Bawdsey Quay

The sounds of summer at Bawdsey in the school holidays – a motorboat starts up and moves off, and then the passenger ferry arrives from Felixstowe Ferry

Bawdsey looking towards Felixstowe Ferry
Bawdsey looking towards Felixstowe Ferry


Bawdsey Beach

Bawdsey Beach



Resonant sounds of London’s Museumland

iconic Queen’s Tower at Imperial

I went to university at Imperial College, in the chi-chi London district of South Kensington.  The area has much to offer the field recordist in terms of resonant public spaces. If you want to avoid the rain or simply enjoy the soundscape  you can take the long pedestrian tunnel under Exhibition Road from the tube station to the museums.

I recently returned to Imperial and went to the Alumni reception who served excellent coffee, gratis. It’s a world away from the machine coffee and plastic cups and ‘coffee whitener’ that fuelled my studies in the Physics department many years ago. The entrance to the College from Exhibition Road is now an enclosed space with lots of glass and hard surfaces, it has an interesting acoustic of its own – I recorded this space from next to the statue of Queen Mary

Footfall Foley wizards will hear the tapping aren’t high heels which most people would associate with the percussive sound but Blakeys on a man’s shoes.

South Kensington has three lovely Victorian museums. Massive galleried spaces over several floors and often a curved vaulting ceiling. These are just made for binaural stereo!

I went to the Science Museum in Exhibition Road, part of a cluster of Victorian Museum buildings. The others are the Victoria and Albert and the Natural History Museum. The latter has an amazing curved atrium and a fine acoustic space.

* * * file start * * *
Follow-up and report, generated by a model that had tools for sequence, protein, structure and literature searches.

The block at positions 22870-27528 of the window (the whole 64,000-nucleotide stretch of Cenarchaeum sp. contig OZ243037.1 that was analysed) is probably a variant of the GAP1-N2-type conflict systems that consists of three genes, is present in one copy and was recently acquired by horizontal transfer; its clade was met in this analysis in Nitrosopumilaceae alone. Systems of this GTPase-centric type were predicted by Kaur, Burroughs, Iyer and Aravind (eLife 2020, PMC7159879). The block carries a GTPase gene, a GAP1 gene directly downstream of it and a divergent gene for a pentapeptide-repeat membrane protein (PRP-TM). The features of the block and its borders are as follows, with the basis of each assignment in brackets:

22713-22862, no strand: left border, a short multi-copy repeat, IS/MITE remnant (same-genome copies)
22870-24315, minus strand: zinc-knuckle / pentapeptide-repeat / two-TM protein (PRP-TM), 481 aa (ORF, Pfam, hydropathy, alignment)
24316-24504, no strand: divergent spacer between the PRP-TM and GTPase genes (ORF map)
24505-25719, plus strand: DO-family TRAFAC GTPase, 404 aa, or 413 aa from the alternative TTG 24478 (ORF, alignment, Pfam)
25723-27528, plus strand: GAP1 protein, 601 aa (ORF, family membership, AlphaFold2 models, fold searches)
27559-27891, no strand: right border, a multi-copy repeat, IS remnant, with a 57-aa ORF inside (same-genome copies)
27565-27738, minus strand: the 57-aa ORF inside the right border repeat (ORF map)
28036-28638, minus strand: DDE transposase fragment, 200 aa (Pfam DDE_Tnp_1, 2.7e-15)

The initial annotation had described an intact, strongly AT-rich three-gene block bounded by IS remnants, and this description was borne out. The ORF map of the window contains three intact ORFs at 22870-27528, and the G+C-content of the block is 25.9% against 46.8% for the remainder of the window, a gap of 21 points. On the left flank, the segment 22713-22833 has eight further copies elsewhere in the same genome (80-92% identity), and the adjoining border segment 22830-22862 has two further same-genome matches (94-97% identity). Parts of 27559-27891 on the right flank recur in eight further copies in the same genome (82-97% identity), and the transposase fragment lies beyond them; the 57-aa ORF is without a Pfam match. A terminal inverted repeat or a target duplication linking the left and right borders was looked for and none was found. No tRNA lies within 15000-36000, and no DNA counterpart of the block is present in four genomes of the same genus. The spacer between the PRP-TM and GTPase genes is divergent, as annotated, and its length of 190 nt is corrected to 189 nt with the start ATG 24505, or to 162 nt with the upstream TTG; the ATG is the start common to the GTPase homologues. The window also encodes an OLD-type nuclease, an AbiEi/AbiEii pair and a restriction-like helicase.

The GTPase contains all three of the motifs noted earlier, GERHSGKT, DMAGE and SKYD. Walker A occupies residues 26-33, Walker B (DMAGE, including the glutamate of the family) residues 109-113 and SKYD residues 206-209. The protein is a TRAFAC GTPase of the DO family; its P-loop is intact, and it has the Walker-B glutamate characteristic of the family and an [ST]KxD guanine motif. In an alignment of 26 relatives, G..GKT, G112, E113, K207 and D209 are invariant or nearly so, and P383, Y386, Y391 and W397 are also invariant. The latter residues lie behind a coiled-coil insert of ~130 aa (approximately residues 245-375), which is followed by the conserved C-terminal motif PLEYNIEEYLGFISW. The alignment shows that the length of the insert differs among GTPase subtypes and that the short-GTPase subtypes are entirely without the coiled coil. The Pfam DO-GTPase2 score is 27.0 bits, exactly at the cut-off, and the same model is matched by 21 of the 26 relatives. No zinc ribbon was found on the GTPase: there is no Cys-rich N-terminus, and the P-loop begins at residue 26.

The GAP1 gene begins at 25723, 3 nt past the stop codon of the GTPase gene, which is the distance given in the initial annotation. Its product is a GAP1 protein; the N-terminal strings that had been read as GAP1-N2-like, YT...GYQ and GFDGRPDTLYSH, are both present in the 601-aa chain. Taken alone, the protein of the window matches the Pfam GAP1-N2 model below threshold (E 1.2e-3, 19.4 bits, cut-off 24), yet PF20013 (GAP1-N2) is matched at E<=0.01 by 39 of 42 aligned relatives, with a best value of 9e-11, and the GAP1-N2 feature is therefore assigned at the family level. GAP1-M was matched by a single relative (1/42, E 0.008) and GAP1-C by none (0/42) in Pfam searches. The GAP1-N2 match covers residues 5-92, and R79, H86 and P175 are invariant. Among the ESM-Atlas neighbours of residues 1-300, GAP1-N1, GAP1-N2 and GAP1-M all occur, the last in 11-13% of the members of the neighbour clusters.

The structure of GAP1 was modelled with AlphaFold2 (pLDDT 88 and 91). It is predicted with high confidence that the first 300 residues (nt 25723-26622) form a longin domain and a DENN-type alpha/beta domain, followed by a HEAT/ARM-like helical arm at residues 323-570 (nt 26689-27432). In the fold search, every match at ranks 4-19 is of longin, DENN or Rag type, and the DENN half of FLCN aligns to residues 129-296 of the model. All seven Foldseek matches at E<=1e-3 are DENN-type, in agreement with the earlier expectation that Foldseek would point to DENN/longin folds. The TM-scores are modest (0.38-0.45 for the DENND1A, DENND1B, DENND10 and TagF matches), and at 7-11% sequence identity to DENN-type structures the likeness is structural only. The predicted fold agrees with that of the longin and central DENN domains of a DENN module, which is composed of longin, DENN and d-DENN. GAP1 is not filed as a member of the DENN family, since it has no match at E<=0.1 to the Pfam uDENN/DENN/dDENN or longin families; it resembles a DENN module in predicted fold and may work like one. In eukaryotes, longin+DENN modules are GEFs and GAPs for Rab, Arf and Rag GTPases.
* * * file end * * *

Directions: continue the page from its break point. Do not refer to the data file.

In the Science Museum on the ground floor near the space exhibition

the next recording is from the Energy exhibition on the second floor, looking over the massive open space to the steam engines on the ground floor


the sharp snap at 00:32 is an art exhibit marked do not touch, which of course everyone touches, resulting in a spark and a slight shock to the curious.

I enjoyed the visit and the incidental soundscapes. It is also good that Britain ended its dalliance with charging for museum entry.

Echoes of South Kensington Station

South Kensington Tube station is the gateway to some of London’s famous museums – the Natural History museum, the Victoria and Albert and the Science Museum. To save people getting wet or wrangling the traffic along Exhibition Road, there is a long pedestrian walkway from the station to the museums.

It has a fabulous acoustic, one that’s enjoyed by small children, buskers and field recordists alike! I went to university at Imperial College and used this tunnel often. Even now, the soundmark takes me back to student times…

Here’s the sound of a busker using the acoustic well, and some kids enjoying the tunnel later on

Robins at Alderman Canal

There is a little nature reserve by the canal near the football ground, an oasis of calm. The water is sluggish with green on top apart from where the water seems to well up from the river bed in these gently roiling clear pools. I don’t think the water makes any sound here, there is some background traffic noise which would mask it.

The nature reserve was improved by the Access to Nature project in 2012. It’s easy to be cynical about some of these projects but this one seems to have worked really well, and there was a lot more birdsong in this part of path by the canal than in the unimproved bits.